Japanese Prime Minister Yoshihide Suga said on Monday that he was considering a state of emergency for Tokyo and the three neighboring prefectures. The governors of the four regions have urged Suga to take action amid a spike in coronavirus cases.
The Japanese leader said that he would also mobilize military medics if the situation worsened, vowing to provide hospitals and medical facilities with the resources they need to avoid being overwhelmed. Suga did not specify when his government might take action, however, and he also declined to elaborate on what restrictions could be placed on Tokyo and the surrounding region. Bars and restaurants could be asked to close by 8pm later this week as an interim measure, local media reported, adding that businesses that comply with the guidance could be eligible for compensation. Japanese law does not allow for strict lockdowns enforced with fines and other penalties. However, the country was placed under a state of emergency in April by Suga’s predecessor, Shinzo Abe, who urged non-essential businesses and schools to close. The advisory was lifted a month later.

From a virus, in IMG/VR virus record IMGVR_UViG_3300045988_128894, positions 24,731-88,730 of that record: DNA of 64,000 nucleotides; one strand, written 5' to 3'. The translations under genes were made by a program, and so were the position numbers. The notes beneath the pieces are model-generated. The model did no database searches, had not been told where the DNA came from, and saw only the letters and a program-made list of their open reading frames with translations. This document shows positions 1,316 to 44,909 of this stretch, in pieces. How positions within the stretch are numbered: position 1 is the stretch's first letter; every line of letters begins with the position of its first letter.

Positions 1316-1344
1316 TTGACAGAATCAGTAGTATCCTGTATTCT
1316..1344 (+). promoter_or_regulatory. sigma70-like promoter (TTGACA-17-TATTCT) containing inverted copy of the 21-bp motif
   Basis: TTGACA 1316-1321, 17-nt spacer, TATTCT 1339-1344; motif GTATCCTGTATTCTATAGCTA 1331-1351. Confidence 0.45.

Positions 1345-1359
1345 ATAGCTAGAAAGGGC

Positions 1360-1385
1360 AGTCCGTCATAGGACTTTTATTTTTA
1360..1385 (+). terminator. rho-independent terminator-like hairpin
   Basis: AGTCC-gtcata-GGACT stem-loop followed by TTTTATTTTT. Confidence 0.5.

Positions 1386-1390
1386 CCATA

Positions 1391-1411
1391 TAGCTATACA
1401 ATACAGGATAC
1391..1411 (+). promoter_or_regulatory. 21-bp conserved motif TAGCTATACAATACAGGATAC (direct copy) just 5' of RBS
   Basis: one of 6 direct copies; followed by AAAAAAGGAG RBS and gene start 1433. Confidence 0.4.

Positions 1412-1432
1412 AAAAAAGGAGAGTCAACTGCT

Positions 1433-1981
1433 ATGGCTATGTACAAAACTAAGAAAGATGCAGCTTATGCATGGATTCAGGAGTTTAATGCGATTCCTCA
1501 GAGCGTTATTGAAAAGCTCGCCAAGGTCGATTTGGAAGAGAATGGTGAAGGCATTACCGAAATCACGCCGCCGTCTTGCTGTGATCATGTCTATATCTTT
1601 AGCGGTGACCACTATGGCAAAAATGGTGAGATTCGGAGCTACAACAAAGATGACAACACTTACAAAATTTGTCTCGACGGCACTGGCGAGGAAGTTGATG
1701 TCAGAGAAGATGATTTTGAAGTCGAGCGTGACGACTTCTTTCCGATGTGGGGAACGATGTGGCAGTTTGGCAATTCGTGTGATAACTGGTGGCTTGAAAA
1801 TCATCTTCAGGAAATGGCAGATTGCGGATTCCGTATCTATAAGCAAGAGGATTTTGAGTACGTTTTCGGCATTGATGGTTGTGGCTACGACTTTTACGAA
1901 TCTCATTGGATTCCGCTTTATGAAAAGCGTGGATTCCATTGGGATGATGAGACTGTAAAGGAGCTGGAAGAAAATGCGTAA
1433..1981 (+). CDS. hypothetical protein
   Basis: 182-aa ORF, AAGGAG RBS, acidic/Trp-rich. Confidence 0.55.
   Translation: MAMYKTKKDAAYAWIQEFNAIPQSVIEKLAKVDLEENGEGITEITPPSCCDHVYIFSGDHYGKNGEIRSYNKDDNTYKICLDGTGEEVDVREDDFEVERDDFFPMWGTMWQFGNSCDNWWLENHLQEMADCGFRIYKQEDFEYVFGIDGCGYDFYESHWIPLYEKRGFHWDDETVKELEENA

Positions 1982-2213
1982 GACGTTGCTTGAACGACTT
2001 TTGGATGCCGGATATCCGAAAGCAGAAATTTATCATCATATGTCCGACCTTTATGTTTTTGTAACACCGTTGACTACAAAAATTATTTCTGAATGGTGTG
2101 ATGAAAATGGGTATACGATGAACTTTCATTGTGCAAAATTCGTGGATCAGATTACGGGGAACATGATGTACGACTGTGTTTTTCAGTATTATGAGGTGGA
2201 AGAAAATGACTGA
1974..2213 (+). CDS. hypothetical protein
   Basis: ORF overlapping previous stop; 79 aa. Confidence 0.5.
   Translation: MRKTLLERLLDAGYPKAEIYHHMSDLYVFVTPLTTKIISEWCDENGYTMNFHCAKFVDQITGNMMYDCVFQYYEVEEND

The government currently advises restaurants to close their doors by 10pm, but Suga acknowledged that the guidance has not been effective in Tokyo.
“Even during the three days of the New Year’s holidays, cases didn’t go down in the greater Tokyo area,” Suga said during a news conference, adding that a “stronger message was needed.”
Despite the health crisis, the prime minister has pledged that Tokyo will host the Olympics this summer, promising that “steady preparations” will make the games “safe and secure.”
Japan and the International Olympic Committee decided last March to delay the Games by a year as nations around the world shut their borders and banned travel due to the pandemic.
Tokyo registered a record 1,337 coronavirus cases on Thursday, and cases with serious symptoms rose to 101. The city accounted for 816 of the 3,100 new infections reported in the country on Sunday, bringing the capital’s total case tally to 62,590.
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